We reported on the changes in Florida radio here back in August. The University of South Florida planned on moving WUSF to talk-talk, with overnight jazz, while moving its classical lineup to a Sarasota non-com, WSMR, it bought up. WSMR would also go canned, plugging in American Public Media’s Classical 24 service. “For those folks north of Tampa and in other areas where they can’t receive Sarasota-based 89.1,” Tom Taylor’s report read, “the school can at least offer classical on the HD-2 channel of 89.7.”
The big switch was supposed to come September 15th, but something happened. Greg Smith sent along this link to a story out of Tampa, along with the line, “It appears that NPR’s bait-and-swtich to force listeners to purchase HD radios is just pissing them off.”
The transition Sept. 15 was supposed to be seamless. WUSF would switch to news and public affairs, with jazz at night, utter bliss for news junkies and those devoted to Fresh Air or the BBC. A new all-classical station — admittedly, one that broadcasts farther south than some WUSF listeners — would go on the air.
But what actually happened was like watching a sweet performance by a string quartet when somebody suddenly lobs a tomato….
The signal for the new classical station, WSMR-FM, turned out to interfere with a user of the same radio tower, one with emergency response services. What everyone hoped would be a delay of mere days has now stretched into a month.
And how’s this for fun: While dealing with this glitch, listener-supported WUSF is in the thick of a pledge drive…. Last year’s goal was $400,000. This year they aim for 4,000 pledges instead of a specific money amount. It’s too soon to say whether all-news enthusiasts will balance out longtime listeners who might cut ties over the classical gaffe.
The comments to the story were a mixed bag, but more than a few expressed outrage at the state of radio in Tampa, in a state that’s already seen upheaval in Gainesville over WUFT’s dumping classical music for all-talk and college rock station WRUF morphing into a country-western station. (WRUF, a 100,000-watt station, was “the fourth-highest rated in the Gainesville-Ocala market,” reads this story, and now “will compete with two established country stations in the market: K-Country 93.7 FM, the top-rated station in recent Arbitron ratings, and Thunder Country 102.3 FM, tied for seventh.” A Facebook site, here, has nearly 3,000 members after just a week.)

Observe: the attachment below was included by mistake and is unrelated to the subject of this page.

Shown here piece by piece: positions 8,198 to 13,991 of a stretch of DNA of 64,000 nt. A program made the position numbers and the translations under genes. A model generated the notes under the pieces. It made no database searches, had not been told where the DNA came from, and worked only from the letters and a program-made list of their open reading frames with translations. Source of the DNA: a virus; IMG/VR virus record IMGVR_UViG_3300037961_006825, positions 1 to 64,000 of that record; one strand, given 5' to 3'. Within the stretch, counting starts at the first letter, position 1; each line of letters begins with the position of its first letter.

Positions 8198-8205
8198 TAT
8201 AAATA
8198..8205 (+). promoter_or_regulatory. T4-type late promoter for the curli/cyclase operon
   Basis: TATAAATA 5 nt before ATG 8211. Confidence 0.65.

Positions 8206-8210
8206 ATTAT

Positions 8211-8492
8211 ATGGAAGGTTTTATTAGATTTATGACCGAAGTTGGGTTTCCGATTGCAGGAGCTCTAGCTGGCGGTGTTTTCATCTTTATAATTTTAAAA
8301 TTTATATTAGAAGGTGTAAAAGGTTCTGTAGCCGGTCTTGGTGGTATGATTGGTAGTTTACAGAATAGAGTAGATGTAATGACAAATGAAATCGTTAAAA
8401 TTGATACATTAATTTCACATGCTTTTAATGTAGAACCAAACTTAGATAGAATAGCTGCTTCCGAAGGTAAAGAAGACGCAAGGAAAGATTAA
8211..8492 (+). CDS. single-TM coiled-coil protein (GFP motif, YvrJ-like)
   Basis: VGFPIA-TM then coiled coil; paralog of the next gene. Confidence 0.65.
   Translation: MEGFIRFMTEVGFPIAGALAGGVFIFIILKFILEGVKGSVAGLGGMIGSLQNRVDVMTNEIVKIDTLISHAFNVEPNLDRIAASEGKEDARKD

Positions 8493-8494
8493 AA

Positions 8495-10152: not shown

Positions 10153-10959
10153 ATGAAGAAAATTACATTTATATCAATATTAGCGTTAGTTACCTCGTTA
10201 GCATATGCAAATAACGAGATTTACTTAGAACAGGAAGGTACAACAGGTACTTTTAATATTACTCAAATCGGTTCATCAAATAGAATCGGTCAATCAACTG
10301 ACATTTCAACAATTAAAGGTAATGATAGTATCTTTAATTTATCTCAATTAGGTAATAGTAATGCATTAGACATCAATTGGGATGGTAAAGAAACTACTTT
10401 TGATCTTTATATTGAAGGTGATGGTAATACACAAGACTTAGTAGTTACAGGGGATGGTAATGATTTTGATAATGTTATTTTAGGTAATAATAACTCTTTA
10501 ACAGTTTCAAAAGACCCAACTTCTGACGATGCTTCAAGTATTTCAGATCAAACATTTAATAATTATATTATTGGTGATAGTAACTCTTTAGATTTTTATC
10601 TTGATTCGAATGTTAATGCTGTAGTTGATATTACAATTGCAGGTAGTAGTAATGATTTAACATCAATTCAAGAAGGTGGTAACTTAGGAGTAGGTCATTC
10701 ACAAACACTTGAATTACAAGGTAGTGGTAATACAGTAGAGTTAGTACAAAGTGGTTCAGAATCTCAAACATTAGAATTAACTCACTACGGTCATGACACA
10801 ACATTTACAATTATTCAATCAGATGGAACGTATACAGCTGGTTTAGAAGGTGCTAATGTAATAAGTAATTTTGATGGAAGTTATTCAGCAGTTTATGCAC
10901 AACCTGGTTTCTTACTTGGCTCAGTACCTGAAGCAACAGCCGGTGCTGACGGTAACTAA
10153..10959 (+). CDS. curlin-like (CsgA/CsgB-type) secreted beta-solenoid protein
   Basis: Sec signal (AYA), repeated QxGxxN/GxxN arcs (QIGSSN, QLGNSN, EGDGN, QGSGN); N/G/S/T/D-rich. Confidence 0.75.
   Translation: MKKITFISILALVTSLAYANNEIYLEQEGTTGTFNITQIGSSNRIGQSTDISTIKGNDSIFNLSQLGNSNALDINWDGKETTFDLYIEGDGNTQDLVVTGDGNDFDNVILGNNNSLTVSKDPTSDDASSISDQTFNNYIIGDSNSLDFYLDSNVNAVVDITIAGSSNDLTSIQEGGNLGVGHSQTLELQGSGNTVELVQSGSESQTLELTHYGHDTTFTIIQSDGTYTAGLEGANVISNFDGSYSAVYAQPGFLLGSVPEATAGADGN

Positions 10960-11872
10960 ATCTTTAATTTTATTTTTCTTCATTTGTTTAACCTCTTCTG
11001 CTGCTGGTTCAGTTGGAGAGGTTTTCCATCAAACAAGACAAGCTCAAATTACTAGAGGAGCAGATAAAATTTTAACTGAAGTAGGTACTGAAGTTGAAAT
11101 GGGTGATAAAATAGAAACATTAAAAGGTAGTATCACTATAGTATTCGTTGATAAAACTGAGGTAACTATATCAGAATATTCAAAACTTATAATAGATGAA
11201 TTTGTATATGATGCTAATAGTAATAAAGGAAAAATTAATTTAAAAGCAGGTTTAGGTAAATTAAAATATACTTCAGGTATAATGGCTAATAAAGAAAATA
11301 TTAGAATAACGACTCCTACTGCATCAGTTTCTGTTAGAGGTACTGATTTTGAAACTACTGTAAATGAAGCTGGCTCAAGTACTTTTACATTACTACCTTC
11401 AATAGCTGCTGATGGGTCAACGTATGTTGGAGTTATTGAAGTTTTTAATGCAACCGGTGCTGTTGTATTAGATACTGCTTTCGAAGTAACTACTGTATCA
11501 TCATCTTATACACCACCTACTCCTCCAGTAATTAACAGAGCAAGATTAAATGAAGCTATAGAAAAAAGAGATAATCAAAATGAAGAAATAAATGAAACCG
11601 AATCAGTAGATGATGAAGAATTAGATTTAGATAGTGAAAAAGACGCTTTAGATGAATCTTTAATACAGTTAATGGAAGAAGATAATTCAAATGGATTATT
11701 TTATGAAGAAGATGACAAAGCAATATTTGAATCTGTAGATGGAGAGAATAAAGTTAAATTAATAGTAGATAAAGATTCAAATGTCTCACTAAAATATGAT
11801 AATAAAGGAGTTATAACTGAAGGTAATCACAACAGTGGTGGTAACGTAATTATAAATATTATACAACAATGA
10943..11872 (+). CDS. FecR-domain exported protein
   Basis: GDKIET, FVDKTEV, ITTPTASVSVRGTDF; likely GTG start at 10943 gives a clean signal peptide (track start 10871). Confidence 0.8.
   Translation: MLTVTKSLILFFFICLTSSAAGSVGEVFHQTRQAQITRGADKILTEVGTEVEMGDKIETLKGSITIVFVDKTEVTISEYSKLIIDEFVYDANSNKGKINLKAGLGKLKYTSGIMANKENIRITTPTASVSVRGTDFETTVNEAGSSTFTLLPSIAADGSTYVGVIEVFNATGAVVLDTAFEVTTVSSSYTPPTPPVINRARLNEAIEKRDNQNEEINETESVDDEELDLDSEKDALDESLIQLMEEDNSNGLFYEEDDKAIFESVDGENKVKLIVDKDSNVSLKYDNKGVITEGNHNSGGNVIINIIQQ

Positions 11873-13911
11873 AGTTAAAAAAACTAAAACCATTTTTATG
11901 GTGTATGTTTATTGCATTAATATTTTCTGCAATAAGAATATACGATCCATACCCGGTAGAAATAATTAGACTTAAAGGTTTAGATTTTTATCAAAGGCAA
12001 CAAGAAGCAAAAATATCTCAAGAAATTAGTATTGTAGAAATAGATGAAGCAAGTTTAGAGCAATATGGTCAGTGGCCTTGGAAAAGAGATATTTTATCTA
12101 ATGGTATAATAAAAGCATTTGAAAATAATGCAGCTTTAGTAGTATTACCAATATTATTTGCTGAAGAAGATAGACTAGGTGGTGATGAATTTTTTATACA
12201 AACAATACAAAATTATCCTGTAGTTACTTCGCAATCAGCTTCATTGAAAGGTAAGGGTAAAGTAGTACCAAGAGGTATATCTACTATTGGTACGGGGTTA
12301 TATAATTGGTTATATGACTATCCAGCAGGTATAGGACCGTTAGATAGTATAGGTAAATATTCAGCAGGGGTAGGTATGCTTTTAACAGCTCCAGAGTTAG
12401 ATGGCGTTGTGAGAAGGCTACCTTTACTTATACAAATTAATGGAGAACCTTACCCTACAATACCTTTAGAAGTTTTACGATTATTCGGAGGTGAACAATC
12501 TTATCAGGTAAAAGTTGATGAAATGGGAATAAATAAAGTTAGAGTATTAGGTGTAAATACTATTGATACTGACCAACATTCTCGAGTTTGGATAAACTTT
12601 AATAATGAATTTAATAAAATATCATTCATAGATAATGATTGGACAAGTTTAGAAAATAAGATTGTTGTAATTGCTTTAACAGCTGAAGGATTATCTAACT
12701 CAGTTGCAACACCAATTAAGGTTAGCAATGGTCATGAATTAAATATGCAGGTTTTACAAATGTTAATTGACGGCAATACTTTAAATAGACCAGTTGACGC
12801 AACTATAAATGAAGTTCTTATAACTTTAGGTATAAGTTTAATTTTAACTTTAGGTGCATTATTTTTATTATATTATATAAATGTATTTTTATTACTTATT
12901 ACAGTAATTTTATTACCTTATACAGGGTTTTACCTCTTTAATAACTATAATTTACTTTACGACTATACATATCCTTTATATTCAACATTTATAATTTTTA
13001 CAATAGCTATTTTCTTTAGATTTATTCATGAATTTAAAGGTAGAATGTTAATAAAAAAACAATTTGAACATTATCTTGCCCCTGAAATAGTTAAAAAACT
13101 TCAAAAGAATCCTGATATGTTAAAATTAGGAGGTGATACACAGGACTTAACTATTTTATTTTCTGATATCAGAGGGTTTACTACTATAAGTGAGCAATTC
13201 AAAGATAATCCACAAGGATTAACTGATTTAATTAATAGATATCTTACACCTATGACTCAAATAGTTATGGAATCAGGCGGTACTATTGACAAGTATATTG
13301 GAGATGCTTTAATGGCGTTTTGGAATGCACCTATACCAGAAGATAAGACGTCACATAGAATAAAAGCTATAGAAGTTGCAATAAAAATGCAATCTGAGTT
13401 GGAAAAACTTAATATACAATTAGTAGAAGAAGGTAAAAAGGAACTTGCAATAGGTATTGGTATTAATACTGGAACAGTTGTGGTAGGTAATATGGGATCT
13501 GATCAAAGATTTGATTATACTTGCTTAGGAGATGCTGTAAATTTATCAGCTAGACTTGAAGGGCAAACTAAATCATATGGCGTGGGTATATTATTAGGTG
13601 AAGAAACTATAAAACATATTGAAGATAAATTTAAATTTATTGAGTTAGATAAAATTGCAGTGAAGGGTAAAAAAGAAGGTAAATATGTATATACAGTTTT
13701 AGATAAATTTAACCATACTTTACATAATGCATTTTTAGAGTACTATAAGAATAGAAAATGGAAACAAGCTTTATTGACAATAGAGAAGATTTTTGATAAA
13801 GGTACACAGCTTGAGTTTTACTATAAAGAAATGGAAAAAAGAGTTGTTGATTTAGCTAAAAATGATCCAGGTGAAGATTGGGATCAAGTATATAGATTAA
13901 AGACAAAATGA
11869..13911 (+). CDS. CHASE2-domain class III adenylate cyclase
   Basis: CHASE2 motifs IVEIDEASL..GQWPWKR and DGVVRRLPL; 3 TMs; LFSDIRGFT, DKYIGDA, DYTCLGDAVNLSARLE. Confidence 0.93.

I am a sustaining member of WUSF and WMNF . . . If WUSF does not get this sister station online soon, I WILL depend on CDs for my Classical fix, and give ALL of my money to WMNF. Some of the new shows are really good, but I want a classical music station to listen to in the car . . . FIX IT!
I’m one who has stopped listening to WUSF. I don’t like “talk” radio regardless of what the talk is. I find WMNF to be very unprofessional, so that’s not an option to me. I’ve switched to an oldies station. I won’t be renewing my membership in WUSF.
I think that WUSF should postponed the change until they got WSMR up and running. I think they have the potential to lose and alienate a lot of their listeners from this bungling of the airwaves. I also dislike how WUSF’s program changes are affecting WMNF, 88.5. They had a very bad pledge drive last week, and a lot of it is due to WUSF going to all news/talk. If you listen to WMNF, please support it so that this excellent radio station can stay on the air.
Some of us are tired of seeing WUSF stab WMNF in the back. They brought in this “news” format when WMNF was the only one doing local news, but had also already had NPR. These are the same people that refused to let WUSF have a college radio station, like every other university has, so the USF students, who already pay a lot of tuition, had to go to WMNF. Great message to send to your Journalism majors USF. Frankly, while I do want WUSF to survive, I am glad they finally got a badly needed case of karma.
I ‘was’ a sustaining member. I have no interest in talking heads or having a HD radio installed in a brand new car. My monthly donation will now be spent on CD’s.
It seems that listeners in northern Florida will have to get used to talk-talk and cowboy-western music.